by Danna Zeiger

Dear Kidlit Community,
Unfortunately, Writers’ Rumpus was not able to air this post earlier in the month for logistical reasons. For this, I would personally like to apologize to the Jewish Kidlit community, as I would have liked to have seen both AAPHI and JAHM honored together. There have been many community discussions highlighting the lack of JAHM recognition and awareness across kidlit. With rising hate in the world against both (and other marginalized) groups, May is a wonderful opportunity to celebrate and honor Jewish Americans, Asian Americans and Pacific Islanders simultaneously. I hope you can join me now, mid-month, in celebrating the many beautiful books and achievements from the Jewish community.
Danna Zeiger

Jewish American Heritage Month is a time to celebrate Jewish contributions across American society, and there are many to choose from! As you read through the wealth of resources, keep in mind that there are common misconceptions about Jewish Americans. Let’s review a few of them:

Common Misconception: Jews are of Eastern-European descent alone

Despite the common misconception about Jewish contributors being of Eastern-European descent alone, Jewish contributors are in fact quite diverse, encompassing practically every country and race you can possibly guess!

Cool Facts! Did you know that nearly 8% of American Jews identify as non-White and non-Hispanic? 4% identify as Hispanic. 1% identify as Black. 3% identify with another race or ethnicity (e.g., Asian, American-Indian, Hawaiian/Pacific Islander, or more than one race) (pewresearch.org)? Did you know that there are over 170,000 Jews of Ethiopian descent living in Israel (enp.org.il)?

Excellent Literature! For an incredibly well-researched list of diverse Jewish books, please check LibraryThing.com Bookoflife database, which classifies by genre, category, and diversity: https://www.librarything.com/catalog/bookoflife/diversejewishbooks

There are simply too many to list by name here, but having read a large number of these, I can attest to the rich diversity and breadth of experiences, cultures, races, and customs.

Common Misconception: Jews only speak Yiddish and Hebrew

Cool Facts! While many Jewish families of Eastern European descent (see above: certainly not all Jews!) used to speak Yiddish, most Jews in the younger generation do not. Yiddish is an amalgamation of languages including German and Hebrew and is its own language.

However, there are other Jewish languages which are amalgamations of other languages! For example, Ladino is a mix of Castilian Spanish and Hebrew. Unfortunately, all of these languages are endangered.

Many Jews also speak Hebrew but certainly not all.

Excellent Literature!

Luckily, there are beautiful books available about even endangered languages:

Buen Shabat, Shabbat Shalom By Sarah Aroeste


Mazal Bueno! By Sarah Aroeste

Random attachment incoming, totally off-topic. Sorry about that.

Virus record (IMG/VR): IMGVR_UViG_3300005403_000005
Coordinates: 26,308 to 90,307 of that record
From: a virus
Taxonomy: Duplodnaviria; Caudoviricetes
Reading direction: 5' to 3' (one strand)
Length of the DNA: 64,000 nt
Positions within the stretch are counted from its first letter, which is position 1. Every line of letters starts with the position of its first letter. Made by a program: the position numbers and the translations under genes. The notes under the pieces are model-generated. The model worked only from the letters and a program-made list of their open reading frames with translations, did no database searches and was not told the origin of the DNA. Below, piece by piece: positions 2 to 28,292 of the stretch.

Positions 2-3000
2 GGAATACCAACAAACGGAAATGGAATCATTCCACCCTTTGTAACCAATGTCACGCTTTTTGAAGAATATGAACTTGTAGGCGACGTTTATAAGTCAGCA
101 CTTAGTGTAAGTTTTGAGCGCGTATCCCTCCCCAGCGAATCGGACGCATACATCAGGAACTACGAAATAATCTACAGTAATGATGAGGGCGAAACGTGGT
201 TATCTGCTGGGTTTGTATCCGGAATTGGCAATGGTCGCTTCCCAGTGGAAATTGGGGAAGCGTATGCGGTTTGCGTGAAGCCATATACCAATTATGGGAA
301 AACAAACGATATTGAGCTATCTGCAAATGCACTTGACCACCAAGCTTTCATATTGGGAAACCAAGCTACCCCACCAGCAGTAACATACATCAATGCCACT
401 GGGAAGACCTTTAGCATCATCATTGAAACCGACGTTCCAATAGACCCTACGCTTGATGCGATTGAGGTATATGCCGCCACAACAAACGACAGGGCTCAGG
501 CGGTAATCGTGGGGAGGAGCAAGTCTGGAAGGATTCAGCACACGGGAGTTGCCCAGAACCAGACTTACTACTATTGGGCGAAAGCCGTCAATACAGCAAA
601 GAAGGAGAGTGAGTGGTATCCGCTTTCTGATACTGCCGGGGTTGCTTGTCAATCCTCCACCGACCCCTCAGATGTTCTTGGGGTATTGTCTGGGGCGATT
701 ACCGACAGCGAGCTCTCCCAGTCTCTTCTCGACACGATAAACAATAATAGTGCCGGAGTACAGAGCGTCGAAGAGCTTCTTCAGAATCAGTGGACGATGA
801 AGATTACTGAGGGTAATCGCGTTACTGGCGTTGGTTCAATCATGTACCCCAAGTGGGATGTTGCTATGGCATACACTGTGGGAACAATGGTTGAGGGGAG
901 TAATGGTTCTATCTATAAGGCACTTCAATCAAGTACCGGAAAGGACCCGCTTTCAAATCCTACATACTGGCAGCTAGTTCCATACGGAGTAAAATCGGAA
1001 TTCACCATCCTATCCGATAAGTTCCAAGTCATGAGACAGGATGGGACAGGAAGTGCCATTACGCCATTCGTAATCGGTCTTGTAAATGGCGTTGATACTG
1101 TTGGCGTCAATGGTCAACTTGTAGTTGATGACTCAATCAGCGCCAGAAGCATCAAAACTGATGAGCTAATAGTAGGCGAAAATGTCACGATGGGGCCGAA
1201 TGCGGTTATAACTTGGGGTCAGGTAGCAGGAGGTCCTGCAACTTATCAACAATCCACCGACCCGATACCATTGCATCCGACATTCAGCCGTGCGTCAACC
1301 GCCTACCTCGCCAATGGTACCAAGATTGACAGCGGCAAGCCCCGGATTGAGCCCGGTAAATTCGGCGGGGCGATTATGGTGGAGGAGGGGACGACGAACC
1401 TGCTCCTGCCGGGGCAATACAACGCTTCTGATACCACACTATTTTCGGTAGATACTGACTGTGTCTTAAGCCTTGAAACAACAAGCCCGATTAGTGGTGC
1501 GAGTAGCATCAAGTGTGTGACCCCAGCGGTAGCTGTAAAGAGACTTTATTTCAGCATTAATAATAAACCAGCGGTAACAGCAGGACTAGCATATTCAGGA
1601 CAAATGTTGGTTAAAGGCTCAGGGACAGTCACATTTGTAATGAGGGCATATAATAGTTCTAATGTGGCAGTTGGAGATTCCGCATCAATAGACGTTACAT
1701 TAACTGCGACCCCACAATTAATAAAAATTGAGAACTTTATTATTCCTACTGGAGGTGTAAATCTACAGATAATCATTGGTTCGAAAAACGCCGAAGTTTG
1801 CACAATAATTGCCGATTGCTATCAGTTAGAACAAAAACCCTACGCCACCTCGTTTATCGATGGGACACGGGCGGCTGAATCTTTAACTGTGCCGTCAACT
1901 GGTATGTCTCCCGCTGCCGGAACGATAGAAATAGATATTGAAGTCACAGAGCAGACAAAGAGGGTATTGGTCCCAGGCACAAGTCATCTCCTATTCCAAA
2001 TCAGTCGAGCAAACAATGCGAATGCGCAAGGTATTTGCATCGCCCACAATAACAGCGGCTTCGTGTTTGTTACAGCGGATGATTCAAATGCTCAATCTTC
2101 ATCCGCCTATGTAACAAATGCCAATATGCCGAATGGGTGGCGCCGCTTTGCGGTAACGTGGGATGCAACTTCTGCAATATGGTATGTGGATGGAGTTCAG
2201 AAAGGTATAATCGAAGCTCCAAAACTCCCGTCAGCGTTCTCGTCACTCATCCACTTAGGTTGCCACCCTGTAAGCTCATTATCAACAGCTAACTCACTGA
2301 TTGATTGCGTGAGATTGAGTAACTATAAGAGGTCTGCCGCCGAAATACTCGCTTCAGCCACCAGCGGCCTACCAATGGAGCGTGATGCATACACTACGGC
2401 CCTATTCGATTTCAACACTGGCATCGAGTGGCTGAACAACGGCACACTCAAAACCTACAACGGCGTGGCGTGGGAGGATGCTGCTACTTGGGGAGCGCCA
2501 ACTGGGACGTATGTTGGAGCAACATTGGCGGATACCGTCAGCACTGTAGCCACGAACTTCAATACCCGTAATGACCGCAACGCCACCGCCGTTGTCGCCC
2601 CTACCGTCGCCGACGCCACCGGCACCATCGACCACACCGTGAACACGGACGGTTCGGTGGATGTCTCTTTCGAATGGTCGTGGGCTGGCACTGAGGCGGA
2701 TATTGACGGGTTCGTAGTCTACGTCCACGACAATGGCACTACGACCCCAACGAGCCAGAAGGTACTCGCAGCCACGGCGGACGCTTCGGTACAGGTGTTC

Tia Fortuna’s New Home: A Jewish Cuban Journey by Ruth Behar

Common Misconception: Jews are Not a Minority in the US

Cool Facts! According to the Pew Research Center estimates for 2020, only 2.4% of U.S. adults were Jewish.  If you live in an area with a larger Jewish community, like New York, it may be hard to believe that few—or no!—Jews live in many parts of the United States. While the perception that Jews are not a minority or are underrepresented in culture and literature seems to percolate, it is not an accurate perception. It can be hard for Jewish kids living in such areas.

Sources: https://www.pewresearch.org/religion/2021/05/11/jewish-americans-in-2020/

Excellent Literature!

To read a kidlit book about such an experience, take a look at My Name is Hamburger by Jacqueline Jules. Jacqueline recently guest posted (March 7, 2023) on Writers’ Rumpus with her delightful post, FOLLOWING THE TRACKS OF A STORY IDEA.

Common Misconception: Jews are a Global Majority

Worldwide, there are approximately 15.2 million Jews (according to worldpopulationreview.com). The Jewish population still has not recovered its numbers since the genocide of the Holocaust.

Cool Facts! Worldwide, Jews account for only 0.19% of the world’s total population—can you imagine how tiny of a fraction that is? In comparison, Christianity and Islam (other ancient major religions) account for about a third *each* of the world’s population.

Excellent Literature!

To read kidlit about this experience, take a look at:

Shoham’s Bangle by Sarah Sassoon

Common Misconception: Jews Do Not Feel Threatened

Sadly, antisemitism is on the rise. The Anti-Defamation League tracks antisemitism including incidents of harassment, vandalism, and assault, and has found a 36% increase in incidents throughout the United States in 2022 compared to 2021. It is the highest number of incidents on record since the ADL has began tracking antisemitism in 1979. Unfortunately, this number is only likely to grow.